[eg-zan-thuhm, ig-, ek-san-]
An exanthem (from Greek "exanthema", a breaking out) is a widespread rash usually occurring in children. Exanthems can be caused by toxins or drugs, microorganisms, or can result from autoimmune disease.

Historically, five "classical" childhood exanthems have been recognized. They include measles (rubeola), chickenpox (varicella), rubella (German measles), erythema infectiosum (fifth disease), and scarlet fever. Scarlet fever is the only exanthem that is bacterial in origin; the others are caused by viruses. Other exanthems (e.g. Duke's disease) are not considered as part of the classic childhood exanthems by some textbooks, nor are other classic childhood diseases (e.g. mumps) considered to be classic childhood exanthems as they do not typically cause rash and, to be a classic exanthem, one must be a rash- or otherwise skin disease-causing illness).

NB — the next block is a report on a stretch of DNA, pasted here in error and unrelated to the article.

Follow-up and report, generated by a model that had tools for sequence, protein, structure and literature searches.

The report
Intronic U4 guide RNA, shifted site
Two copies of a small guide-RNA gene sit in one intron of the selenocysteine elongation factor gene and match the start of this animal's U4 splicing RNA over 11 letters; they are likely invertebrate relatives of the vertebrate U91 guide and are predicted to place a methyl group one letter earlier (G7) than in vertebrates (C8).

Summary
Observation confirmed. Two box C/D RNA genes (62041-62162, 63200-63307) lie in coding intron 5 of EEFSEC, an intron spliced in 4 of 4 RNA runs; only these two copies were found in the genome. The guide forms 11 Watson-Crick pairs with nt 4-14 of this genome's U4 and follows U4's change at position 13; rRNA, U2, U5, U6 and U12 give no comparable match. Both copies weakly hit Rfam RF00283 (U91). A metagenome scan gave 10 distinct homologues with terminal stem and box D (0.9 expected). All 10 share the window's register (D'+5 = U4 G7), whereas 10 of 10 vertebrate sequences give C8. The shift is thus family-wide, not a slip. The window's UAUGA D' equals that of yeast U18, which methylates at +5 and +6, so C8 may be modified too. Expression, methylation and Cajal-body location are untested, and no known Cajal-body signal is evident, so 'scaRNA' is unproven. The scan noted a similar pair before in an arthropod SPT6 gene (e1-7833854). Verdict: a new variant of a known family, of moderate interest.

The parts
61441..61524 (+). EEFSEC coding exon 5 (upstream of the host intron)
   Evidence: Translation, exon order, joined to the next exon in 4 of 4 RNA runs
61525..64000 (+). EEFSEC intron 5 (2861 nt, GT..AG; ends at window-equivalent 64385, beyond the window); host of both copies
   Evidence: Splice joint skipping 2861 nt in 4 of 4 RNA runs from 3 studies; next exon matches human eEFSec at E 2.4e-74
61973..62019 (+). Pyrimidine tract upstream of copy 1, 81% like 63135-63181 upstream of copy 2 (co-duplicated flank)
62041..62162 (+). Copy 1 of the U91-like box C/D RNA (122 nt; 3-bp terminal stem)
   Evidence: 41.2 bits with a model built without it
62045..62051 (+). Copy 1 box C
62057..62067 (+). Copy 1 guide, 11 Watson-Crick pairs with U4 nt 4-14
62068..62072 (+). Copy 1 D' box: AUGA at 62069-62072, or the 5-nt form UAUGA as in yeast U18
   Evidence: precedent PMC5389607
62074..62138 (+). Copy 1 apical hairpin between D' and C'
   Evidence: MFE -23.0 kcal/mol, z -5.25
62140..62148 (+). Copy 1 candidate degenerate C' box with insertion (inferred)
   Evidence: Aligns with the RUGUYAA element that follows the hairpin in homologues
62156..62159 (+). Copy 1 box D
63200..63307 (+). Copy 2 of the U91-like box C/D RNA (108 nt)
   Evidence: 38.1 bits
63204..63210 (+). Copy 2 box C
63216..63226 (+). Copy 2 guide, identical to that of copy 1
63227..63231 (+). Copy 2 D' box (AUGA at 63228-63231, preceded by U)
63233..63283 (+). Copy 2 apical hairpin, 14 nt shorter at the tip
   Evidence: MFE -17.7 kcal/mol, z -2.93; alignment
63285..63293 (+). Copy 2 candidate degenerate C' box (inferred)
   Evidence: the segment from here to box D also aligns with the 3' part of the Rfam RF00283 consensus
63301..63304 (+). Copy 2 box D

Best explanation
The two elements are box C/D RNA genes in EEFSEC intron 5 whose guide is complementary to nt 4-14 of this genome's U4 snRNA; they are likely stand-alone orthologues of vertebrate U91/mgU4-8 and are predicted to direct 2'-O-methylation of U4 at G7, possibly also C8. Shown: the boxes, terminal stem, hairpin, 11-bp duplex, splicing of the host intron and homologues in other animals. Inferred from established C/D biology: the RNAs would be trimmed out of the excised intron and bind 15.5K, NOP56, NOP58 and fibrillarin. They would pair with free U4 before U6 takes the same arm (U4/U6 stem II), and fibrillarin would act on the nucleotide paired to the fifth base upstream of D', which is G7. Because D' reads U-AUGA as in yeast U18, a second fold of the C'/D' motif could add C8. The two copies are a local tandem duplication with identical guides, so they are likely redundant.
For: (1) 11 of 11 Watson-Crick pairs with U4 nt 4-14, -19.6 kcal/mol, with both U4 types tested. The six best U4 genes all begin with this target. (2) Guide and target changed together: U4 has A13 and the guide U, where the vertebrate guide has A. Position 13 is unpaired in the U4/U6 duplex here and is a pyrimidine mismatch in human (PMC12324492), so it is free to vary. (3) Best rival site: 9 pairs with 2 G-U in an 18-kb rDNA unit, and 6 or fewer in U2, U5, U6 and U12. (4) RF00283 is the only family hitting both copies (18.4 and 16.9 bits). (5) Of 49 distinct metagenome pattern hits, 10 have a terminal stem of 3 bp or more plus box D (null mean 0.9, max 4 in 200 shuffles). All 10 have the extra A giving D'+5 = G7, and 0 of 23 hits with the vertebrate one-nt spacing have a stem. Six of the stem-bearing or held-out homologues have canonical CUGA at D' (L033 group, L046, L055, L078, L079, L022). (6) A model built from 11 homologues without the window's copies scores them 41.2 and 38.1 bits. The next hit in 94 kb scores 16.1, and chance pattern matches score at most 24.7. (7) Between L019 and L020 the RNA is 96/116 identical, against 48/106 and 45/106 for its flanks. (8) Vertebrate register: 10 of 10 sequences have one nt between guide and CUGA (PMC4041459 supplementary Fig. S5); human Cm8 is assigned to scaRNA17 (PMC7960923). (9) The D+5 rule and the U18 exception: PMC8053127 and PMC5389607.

The causes of more recent additions such as roseola (sixth disease) have been identified. Vaccinations now exist against measles, rubella, and chickenpox.

A "new" exanthem was identified in 1992--unilateral laterothoracic exanthem (ULE), later also known as asymmetric periflexural exanthem of childhood.


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